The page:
BIBLE

Read the Gospels.  When N. T. Wright is wrong, he is very wrong; but when he right, he is really right.  And in this video, he is really right.  Asked the question what legacy would you want to pass on to your children, he points them to the inimitable Jesus of the Gospels.  Have a look.

Education or Imitation? Bible Interpretation for Dummies Like You and Me. Curtis Allen, assistant pastor at Solid Rock Church and rapper extraordinaire, has just released a book that looks like it will be a helpful read on biblical interpretation for people who never go to seminary.  Rightly, he points to Jesus as the model for learning how to interpret the Bible.  You can get the book for $10 at Amazon or for 99 cents on Kindle right now: Education or Imitation? Kindle Edition.  Here is the book’s witty and wise promotional video.


THEOLOGY

What is General Revelation?  Baptist Pastor, Fred Zaspel, lists a number of helpful biblical truths about General Revelation–the doctrine that describes how God has revealed himself to all humanity in nature (externally) and in human nature (internally).  His outline synthesizes the truth content of passages like Psalm 19:1-6; Romans 1:18-23; Acts 14:16-17 and Acts 17:22-31.  He concludes with a number of practical implications, including this last point:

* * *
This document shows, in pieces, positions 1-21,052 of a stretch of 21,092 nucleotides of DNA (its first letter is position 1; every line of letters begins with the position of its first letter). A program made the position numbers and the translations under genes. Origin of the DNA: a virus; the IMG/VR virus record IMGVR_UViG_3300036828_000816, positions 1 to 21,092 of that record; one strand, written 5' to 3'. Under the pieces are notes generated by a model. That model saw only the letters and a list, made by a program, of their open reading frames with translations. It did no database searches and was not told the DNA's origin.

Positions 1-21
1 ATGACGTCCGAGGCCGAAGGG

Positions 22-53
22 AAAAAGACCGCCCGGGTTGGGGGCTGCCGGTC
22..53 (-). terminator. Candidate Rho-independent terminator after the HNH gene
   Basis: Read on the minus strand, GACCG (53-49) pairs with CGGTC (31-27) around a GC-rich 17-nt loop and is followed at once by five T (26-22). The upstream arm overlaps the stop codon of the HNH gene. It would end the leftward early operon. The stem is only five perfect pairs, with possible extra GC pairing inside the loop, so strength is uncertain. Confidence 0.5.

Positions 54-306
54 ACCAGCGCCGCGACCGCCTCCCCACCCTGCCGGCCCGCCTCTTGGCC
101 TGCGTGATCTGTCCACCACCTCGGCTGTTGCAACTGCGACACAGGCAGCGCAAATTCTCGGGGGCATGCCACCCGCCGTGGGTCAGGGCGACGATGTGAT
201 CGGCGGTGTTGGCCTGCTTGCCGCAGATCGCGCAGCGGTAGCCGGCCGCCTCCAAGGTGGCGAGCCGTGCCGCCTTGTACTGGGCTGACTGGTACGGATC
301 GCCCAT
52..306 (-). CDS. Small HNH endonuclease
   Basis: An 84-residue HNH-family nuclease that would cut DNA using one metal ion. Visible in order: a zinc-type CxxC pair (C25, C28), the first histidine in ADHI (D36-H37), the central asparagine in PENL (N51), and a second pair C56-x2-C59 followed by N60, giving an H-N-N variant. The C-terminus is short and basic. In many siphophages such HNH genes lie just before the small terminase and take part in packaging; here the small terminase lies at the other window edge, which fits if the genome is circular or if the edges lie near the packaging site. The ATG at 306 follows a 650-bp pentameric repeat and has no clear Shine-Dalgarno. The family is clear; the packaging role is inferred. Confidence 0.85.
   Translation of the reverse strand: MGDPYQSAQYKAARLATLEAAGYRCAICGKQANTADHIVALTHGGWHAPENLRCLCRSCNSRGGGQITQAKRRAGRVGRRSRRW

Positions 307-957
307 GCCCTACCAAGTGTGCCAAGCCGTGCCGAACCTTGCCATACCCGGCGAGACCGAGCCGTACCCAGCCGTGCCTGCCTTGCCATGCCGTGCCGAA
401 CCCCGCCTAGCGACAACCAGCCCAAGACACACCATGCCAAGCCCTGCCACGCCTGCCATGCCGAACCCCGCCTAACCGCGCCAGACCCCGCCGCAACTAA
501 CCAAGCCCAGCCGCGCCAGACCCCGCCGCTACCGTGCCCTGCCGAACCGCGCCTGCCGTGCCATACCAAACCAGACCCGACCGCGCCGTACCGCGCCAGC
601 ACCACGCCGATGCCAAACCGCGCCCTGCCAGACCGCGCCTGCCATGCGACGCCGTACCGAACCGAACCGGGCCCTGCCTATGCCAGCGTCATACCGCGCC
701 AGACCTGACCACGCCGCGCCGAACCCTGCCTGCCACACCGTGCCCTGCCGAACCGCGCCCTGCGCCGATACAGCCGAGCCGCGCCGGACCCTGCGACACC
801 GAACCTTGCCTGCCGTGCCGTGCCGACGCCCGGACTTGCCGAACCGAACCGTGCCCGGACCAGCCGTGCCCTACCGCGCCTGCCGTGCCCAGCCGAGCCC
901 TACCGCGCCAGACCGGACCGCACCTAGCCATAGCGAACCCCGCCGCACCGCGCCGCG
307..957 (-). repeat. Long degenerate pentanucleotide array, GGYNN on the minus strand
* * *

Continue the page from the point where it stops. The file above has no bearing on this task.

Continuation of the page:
Since general revelation does not provide a knowledge of God as Redeemer, it cannot be made the basis of anything more than a preparation for the gospel. General revelation cannot be viewed as a means of salvation, even to such as have never had opportunity to hear the message of salvation from sin through Christ’s incarnation, atonement, and resurrection. Only a radical new birth, in which spiritual life is imparted to those who are spiritually dead, will suffice; and such a sweeping transformation cannot be brought about by general revelation, but only by the gospel of Christ!

You can read the whole thing at the CredoMag Blog.

Meditations on the Fear of God. In the Bible fear is a complex thing. For instance, Psalm 25:14 says that “the friendship of the Lord is reserved for those who fear him.” Psalm 130:3 states, “But with you there is forgiveness, that you may be feared.”  And in Exodus 20:20, “Moses said to the people, ‘Do not fear, for God has come to test you, that the fear of him may be before you, that you may not sin.'”  But, the positive outlook on fear changes in the book of 1 John, when the beloved disciple writes that perfect love casts out fear (1 John 5:18).